Monday, October 15, 2007
A teen-ager was airlifted to hospital and his father had his nose broken when gatecrashers went on the rampage at a 16th birthday party after details were posted on YouTube, police and media reports said Friday.As with the episode of massive theft and vandalism I blogged back in April (which was conveniently attributed to Craig's List) , there is no rational connection between a simple listing of a home address and an event that is to occur there with what ended up happening.
More than 100 uninvited teenagers descended on the family house, stole whisky and champagne, smashed windows and started fighting, according to reports.
Here's the essence of each event. Someone's home address was listed on the Internet with an announcement to the effect that he expected a crowd of people to show up there and when. Many youths, being nihilists, are little better than criminals anyway and would, if they thought they could get away with it, behave like barbarians. In each case, these ads offered such a shelter from accountability: a crowd of strangers and a lack of specific orders as to how to behave while in that crowd.
So when things get out of control, the barbarians who made it that way can blame it on the crowd (if it doesn't make it impossible to point fingers anyway) and the circumstance (e.g., a "party" context or the implication that property was free for the taking: "[I]t said come and take what you want.") Add to this the fact that law enforcement everywhere is lax after decades of blaming crime on "society" rather than the individual criminal.
The condition of anonymity ("moral invisibility", if you will) offered in each case reminds me of the legend of the Ring of Gyges, in which a man finds a ring that bestows invisibility and uses it to commit murder. Interestingly, this legend is brought up in a Platonic discussion of justice as an illustrative argument to the effect that morality is a social construct. Plato argues against this position, but given how common it is for people to regard morality as a mere social or religious convention, it would appear that he did not make his case strongly enough.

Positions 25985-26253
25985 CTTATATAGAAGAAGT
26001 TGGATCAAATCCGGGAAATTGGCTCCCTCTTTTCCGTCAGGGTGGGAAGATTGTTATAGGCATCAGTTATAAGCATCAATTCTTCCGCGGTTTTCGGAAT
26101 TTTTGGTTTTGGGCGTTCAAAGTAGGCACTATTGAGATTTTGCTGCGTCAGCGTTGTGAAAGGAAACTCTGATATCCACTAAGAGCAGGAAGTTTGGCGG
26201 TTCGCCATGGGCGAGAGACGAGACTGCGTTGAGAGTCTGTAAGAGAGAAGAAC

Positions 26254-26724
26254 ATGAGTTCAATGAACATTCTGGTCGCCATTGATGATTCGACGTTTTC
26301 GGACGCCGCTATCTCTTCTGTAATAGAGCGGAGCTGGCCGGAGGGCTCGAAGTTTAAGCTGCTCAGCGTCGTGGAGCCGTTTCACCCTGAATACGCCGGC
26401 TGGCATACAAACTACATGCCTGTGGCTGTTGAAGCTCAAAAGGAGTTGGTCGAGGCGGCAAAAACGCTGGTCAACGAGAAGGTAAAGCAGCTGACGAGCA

If any of the savages who participated in either of these events learned anything about morality, I would wager that it was to the effect that morality is arbitrary (i.e., subjective or based on divine whim), enforced by group consensus, and irrelevant to living one's life.
This is in sharp contrast to the view of morality offered by Ayn Rand, who held that objective moral principles could be discovered through the use of reason, that these principles are selfishly important to each individual, and that as such, one risks immorality at his own peril. Or, as I like to think of it, reality enforces morality.
The best one can hope for by behaving short-range, even if he gets away scott-free with some criminal act is continued life with the anxiety associated with perhaps being found out later and with having to figure out how to continue existing. It is a subhuman existence on the spiritual level at the very least. Quite often, criminals, being short-range thinkers, will blow whatever windfall they might have and needlessly face material hardship as well.
Only a rational egoist could be trusted with the Ring of Gyges, because he knows that morality, being of practical relevance to one's life, is not fundamentally about what others think of you (or what you can steal from others), but about how you deal with the problem of your own survival on many levels.
10-16-07: Added a clarification. At the time of writing, I'd forgotten that the Craig's List looters used a fake announcement to excuse themselves from responsibility for their actions.